Charles finally made partner and propped his feet on the desk in his new corner office. He was dreaming of all the perks that accompanied his promotion when a knock on the door snapped him out of his reverie.

He picked up the phone so he would look busy as a young staffer came into the room. "I'll be with you in a minute," Charles mouthed to the employee, before engaging in a mock phone conversation.

"Yes, I know the congressman quite well. We go sailing with the governor every other week," he said. He glanced over at the employee standing near his desk. "One more minute," he whispered before returning to the phone call.

"I'd be happy to introduce you," he continued. "In fact, if you're free next Wednesday, we're having lunch. Great. Wednesday it is," he said as he hung up the phone.

"Thanks for being so patient," Charles said to the young staffer. "Now how can I help you?"

The employee blushed and said, "I'm here to connect your phone."

Try to tap dance out of that one!

I am convinced that often, the hardest language to speak is the truth. Sometimes it's easier to tell an embellished truth, or a half-truth or a little white lie to save face or spare others' feelings. But eventually, when the truth comes out, there are consequences.

Ron Ashkenas, co-author of the "Harvard Business Review Leader's Handbook," explains that there are three fundamental concerns that cause people to be less than completely truthful.

First, the effect of truth on yourself. "It's human nature to want people to think well of us, particularly those who have influence over our lives and careers," he writes. "At the same time, we all make mistakes, so we create justifications and excuses — many of which are at best half-truths."

Next, the effect of truth on others. "One way to gain others' approval is to avoid pointing out things that may damage their self-image," he continued.

Finally, the effect of truth on business success. "To be successful almost every organization needs to sell — be it a product, a service, a story or a promise. But much of that selling is done without truthful disclosure of what it will take to fulfill the sale," he maintains. "The wiser course in many cases is to limit the truth and figure out how to 'deliver' later."

While his first two points are recognizable to most of us, I find his third concern very troubling. As a lifelong salesman and businessman, I cringe to think that a sale based on partial truth would be OK in any forum.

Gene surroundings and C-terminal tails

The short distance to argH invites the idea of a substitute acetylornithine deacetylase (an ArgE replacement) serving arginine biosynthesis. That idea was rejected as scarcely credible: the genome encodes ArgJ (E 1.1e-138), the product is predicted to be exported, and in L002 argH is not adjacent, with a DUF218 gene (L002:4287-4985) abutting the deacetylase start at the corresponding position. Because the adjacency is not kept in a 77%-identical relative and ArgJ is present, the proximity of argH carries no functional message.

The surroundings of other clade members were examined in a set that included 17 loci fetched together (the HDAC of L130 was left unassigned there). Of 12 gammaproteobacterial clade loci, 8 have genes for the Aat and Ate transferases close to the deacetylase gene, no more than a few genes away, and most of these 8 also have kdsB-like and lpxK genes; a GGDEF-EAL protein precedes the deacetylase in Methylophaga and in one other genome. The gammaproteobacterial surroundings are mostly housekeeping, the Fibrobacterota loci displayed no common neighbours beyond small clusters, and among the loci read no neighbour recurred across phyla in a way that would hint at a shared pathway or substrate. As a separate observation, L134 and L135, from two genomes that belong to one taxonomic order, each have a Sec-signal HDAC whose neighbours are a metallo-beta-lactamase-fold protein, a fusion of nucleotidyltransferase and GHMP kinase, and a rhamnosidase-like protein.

I certainly wouldn't appreciate a supplier promising me a product without knowing exactly what I would be receiving, and I absolutely do not want a reputation that I didn't deliver what I promised and then some.

But I understand that some businesses operate that way and do so at their own peril. Customers find out quickly that promises made and kept are worth their weight in gold. A tarnished reputation is mighty difficult to polish.

I constantly preach that trust is the most important word in business. Of course, the most important part of establishing trust is being truthful — all the time, even when the truth is painful.

If we are not upfront with our customers at MackayMitchell Envelope Co. as soon as a problem arises, whether it's a supplier issue, equipment breakdown or a mistake with an order, we deserve to lose that customer. And I really, really hate to lose a customer. I'd rather lose money than lose a customer.

The good news is if we can find a way to fix a problem — and we usually do — our customers appreciate our honesty and efforts to turn lemons into lemonade. But that happens only when we tell the truth.

Abraham Lincoln once said of a man who was attacking him, "He's the biggest liar in Washington."

Honest Abe said the man reminded him of an old fisherman who had the reputation for stretching the truth. The fisherman bought a pair of scales and insisted on weighing every fish he caught in the presence of witnesses.

One day a doctor borrowed the fisherman's scales to weigh a newborn baby. The baby weighed 47 pounds.

Now that's what I call a whopper!

Mackay's Moral: Even when the truth hurts, it's more painful to hurt your reputation.

Harvey Mackay is a Minneapolis businessman. Contact him at 612-378-6202 or e-mail